Grow Your Own Daun Kesum (Vietnamese Mint)
To grow your own daun kesum is a great way to start a herb garden. Daun kesum is an essential ingredient for making laksa. Without daun kesum, there is no way your laksa can be complete. At some places in Malaysia, daun kesum is refered to as "daun laksa" or laksa leaves. The English name for it is most probably Vietnamese mint but I am not really sure because the real Vietnamese mint is maybe slightly different but still belongs to the same family. Daun kesum is a member of the mint family. It is a very
The leaves are elongated, with soft stalk, each segment of the stalk has the potential to grow into another bunch of mint leaves because roots sprout from the stalk itself.
You can grow your own daun kesum from any laksa stalks you sometimes get as garnish when you bought laksa from a hakwer's stall.
Living in an apartment on the fourth floor, I do not have enough space for having a garden, but I can grow daun kesum easily from a plastic container (like used ice-cream tub) filled with some damp earth.
The leaves are green and will turn yellow and then brown when they start withering. The stalks will grow and grow if you let them but usually I trim the tips to let them branch out.
Other than laksa, the leaves can be used as an additional herb when you make nasi ulam, nasi kerabu and when you make asam pedas or other fish dishes. It can be sliced thinly as garnishing, eaten raw or added in sour spicy soup like laksa.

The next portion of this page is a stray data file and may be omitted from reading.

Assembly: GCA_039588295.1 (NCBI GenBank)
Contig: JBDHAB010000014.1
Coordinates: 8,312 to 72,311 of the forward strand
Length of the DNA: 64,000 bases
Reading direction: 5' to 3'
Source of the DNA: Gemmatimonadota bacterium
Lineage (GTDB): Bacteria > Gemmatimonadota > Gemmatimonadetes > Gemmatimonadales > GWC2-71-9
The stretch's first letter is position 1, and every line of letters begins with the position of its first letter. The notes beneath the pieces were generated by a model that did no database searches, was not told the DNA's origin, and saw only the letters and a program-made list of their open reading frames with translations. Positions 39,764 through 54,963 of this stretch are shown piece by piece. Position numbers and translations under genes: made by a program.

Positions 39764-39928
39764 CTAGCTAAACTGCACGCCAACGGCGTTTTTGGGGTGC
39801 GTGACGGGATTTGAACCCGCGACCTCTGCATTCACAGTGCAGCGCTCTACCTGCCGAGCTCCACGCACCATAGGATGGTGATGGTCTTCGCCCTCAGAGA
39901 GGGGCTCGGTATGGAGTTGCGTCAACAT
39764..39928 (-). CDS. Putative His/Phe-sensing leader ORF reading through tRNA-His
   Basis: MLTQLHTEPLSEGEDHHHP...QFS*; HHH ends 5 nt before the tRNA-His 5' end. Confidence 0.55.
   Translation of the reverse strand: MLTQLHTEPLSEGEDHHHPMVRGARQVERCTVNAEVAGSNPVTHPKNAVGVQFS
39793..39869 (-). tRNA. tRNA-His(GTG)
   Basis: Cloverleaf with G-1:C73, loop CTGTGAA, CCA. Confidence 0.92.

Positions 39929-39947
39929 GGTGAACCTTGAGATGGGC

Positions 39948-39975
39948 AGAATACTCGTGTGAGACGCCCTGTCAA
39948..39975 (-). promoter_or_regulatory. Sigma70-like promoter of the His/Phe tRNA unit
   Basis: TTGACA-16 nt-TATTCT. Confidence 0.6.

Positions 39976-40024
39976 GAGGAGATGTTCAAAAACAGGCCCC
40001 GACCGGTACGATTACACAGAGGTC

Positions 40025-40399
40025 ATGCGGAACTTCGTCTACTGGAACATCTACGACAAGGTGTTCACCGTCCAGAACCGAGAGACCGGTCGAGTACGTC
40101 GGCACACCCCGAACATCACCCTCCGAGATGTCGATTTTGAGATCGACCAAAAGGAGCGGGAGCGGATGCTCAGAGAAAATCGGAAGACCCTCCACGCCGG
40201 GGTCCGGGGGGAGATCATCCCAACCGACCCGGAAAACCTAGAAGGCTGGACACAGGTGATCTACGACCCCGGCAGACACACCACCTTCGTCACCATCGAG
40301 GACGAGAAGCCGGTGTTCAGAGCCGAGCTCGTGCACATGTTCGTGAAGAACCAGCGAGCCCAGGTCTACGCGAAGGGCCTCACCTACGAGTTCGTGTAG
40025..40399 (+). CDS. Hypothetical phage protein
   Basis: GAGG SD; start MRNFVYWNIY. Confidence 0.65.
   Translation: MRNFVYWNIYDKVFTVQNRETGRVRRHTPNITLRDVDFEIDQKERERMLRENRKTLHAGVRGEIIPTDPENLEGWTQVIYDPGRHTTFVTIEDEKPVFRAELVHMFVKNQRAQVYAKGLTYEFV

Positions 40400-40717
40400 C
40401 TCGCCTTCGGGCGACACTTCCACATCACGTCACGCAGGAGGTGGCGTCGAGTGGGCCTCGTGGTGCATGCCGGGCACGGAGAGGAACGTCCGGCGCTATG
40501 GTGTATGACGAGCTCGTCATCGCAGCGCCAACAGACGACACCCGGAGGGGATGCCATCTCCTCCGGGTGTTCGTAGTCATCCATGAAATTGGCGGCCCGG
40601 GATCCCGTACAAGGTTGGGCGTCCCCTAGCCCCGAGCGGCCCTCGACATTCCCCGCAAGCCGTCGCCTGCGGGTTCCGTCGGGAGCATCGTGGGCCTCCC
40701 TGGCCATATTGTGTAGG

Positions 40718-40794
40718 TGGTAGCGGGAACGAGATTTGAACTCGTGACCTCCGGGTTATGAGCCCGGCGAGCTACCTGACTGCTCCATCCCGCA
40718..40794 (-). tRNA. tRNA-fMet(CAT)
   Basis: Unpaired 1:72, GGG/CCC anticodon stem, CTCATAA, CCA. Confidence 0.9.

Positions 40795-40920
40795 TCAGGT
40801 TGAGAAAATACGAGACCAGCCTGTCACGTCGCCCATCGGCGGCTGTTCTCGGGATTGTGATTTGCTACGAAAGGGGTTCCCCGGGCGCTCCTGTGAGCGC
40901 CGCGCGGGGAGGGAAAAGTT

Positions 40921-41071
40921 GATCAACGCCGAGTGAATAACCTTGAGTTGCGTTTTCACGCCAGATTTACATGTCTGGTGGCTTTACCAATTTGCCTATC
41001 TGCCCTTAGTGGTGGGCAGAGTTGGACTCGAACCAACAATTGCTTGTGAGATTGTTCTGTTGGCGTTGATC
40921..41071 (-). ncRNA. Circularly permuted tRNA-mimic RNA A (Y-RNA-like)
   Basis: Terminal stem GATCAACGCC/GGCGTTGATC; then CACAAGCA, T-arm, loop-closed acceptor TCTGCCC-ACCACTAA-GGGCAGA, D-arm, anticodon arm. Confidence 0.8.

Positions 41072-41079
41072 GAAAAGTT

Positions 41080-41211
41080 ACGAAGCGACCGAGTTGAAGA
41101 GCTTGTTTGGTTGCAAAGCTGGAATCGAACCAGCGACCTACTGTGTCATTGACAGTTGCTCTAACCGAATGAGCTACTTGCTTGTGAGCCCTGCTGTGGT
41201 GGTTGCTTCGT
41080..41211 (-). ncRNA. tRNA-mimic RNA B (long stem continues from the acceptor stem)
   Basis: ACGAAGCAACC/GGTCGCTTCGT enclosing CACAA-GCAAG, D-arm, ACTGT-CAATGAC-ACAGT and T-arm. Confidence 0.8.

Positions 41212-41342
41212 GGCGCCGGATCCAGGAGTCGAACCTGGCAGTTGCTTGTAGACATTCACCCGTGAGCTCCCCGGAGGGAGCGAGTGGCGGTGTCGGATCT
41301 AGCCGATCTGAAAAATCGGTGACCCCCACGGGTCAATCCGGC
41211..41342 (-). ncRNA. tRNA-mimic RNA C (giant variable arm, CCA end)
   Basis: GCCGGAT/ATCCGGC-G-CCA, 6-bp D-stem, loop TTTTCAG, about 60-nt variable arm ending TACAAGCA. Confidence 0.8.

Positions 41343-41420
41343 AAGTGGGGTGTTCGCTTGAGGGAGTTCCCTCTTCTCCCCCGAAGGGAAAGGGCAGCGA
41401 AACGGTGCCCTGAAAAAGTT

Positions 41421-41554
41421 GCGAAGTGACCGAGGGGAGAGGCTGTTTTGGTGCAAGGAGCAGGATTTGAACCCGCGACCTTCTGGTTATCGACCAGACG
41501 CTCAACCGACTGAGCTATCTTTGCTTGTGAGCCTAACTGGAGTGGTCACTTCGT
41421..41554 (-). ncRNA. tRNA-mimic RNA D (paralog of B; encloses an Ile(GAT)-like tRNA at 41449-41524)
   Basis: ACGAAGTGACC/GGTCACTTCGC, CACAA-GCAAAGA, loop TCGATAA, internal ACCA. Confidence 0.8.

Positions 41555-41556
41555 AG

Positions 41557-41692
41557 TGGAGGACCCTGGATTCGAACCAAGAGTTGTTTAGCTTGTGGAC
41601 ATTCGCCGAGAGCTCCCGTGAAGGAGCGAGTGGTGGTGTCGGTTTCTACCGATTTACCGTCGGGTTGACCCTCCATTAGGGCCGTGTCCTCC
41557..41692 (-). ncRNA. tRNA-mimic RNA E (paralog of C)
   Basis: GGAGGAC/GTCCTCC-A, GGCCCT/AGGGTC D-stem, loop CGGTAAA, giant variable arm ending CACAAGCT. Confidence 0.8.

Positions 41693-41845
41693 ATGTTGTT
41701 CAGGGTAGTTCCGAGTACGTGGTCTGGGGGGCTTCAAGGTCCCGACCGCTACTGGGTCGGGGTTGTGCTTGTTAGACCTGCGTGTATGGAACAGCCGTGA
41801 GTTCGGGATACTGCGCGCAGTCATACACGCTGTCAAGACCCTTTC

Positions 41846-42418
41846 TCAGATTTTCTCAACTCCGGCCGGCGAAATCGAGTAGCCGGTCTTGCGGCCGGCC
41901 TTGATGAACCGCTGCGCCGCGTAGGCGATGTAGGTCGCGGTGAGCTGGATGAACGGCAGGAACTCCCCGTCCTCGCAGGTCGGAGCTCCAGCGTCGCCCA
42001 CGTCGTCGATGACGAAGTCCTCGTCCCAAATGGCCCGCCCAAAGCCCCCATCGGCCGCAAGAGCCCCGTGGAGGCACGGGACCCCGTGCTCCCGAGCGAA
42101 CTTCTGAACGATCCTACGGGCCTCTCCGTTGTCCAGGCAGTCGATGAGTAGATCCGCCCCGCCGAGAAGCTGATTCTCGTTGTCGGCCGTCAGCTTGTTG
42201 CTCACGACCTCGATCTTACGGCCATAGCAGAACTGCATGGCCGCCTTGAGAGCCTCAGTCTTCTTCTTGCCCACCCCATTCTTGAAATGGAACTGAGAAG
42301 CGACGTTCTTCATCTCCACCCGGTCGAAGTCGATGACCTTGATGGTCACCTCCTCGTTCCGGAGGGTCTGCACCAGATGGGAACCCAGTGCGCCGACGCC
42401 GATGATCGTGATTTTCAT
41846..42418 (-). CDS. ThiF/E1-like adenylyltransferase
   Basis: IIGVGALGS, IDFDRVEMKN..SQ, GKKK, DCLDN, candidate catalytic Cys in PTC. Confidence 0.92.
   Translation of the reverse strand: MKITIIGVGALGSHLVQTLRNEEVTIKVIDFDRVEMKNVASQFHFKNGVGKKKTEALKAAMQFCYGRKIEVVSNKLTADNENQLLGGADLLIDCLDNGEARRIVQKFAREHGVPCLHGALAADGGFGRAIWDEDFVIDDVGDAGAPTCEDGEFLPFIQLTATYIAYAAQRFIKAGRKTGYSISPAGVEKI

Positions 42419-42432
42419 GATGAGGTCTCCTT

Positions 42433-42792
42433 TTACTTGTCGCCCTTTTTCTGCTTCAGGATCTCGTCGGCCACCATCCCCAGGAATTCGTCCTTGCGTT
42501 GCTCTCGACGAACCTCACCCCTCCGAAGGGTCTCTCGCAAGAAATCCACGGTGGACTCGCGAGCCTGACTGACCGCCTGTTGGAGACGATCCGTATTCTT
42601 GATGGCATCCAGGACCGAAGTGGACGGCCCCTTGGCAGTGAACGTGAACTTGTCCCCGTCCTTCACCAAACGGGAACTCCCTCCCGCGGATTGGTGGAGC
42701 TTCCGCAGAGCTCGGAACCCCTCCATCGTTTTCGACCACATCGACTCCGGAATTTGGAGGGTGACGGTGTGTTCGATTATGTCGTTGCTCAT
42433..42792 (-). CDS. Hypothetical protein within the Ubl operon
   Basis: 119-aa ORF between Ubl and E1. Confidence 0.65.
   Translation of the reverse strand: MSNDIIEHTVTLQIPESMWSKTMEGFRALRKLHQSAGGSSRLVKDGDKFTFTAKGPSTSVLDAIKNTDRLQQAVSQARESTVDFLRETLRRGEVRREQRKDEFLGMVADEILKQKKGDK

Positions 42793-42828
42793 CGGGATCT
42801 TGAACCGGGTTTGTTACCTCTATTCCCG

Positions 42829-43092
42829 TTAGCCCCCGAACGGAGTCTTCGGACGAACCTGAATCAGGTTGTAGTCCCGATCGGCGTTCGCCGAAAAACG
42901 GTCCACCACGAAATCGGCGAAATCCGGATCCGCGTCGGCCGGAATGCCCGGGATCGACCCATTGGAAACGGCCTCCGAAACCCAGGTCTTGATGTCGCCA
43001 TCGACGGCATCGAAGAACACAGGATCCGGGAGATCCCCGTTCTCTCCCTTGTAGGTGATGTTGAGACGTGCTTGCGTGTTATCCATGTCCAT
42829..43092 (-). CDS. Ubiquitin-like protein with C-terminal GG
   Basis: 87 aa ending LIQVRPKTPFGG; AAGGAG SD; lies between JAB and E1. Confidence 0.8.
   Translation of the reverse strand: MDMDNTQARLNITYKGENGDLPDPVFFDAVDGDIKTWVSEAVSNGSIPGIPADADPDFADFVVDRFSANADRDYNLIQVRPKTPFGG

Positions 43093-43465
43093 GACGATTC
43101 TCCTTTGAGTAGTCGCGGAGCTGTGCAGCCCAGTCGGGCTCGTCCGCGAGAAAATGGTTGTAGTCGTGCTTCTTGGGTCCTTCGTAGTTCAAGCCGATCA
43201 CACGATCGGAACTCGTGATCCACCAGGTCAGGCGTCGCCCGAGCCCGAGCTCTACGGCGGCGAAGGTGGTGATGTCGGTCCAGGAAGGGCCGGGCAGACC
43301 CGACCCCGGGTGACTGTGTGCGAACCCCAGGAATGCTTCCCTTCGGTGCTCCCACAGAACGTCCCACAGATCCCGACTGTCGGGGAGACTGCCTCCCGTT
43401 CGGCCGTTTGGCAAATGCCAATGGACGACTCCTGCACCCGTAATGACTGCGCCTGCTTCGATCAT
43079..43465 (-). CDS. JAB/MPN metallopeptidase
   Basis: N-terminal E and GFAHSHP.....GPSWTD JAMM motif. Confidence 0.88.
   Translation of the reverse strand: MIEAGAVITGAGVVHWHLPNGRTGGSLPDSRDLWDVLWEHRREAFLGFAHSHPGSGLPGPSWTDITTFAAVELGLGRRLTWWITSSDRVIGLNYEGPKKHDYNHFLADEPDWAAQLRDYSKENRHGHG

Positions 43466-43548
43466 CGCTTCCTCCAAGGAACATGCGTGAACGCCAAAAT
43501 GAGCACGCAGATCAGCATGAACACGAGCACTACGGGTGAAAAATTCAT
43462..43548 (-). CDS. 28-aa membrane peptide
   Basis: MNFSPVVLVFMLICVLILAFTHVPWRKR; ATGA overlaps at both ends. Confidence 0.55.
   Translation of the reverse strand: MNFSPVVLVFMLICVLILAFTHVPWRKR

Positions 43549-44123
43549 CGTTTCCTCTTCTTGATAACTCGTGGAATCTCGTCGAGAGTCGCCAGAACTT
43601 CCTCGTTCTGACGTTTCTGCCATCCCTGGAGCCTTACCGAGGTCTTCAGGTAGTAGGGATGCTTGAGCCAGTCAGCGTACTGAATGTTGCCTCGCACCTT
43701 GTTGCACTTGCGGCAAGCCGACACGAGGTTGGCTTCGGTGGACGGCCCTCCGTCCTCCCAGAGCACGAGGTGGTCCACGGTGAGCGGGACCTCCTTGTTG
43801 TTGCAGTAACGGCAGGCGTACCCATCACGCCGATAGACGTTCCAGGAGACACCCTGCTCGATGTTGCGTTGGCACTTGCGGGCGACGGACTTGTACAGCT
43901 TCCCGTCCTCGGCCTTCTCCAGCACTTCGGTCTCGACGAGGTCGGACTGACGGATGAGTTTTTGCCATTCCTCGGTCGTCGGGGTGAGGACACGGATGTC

The smell of this minty herb is strong and unmistakable. Therefore, it is good to be used in a fish dish with gravy to counterbalance the fishy smell.
To start planting the herb is very simple indeed.
Get a few stalks of fresh daun kesum from the wet market or if your friend has a herb garden, ask for some stalks from her.
Place the stalks in a jam jar or glass filled with 1 cm of water. Let them sit for a few days until a substantial length of roots can be seen growing at the bottom of the jar.
Transfer your stalks into a container filled with damp earth. Cover about 2.5cm of the stalks in the dirt. Make sure the bottom of the container has some small holes to let excess water to flow out. See, it is easy to grow your own daun kesum.
The herb needs very little maintenance except for enough water to ensure the earth it is planted in is always damp. Oh yes, also plenty of sunlight. You can place the herb pot at the window sill or if you have a balcony, place it there. It grows well in your backyard too.
Fertilizer made of compost is good for the leaves. Old wives have this tip to nourish your herbs: use the bloody water that remained after washing and gutting your fish to spray on the leaves and earth, it is supposed to be full of nutrients for plant. Do this treatment every two weeks or so.
Daun kesum grows very fast. Given good care and enough water, within a week you can already have a bunch filling up your ice-cream tub already.
The method to grow your own daun kesum also applies to lemongrass. However, lemongrass needs more space because the leaves of lemongrass almost resembles a bunch of tall weed (lalang). Lemongrass needs a large terracotta pot or a large plastic water tank filled with earth, preferably a little sandy mixture with the dirt.
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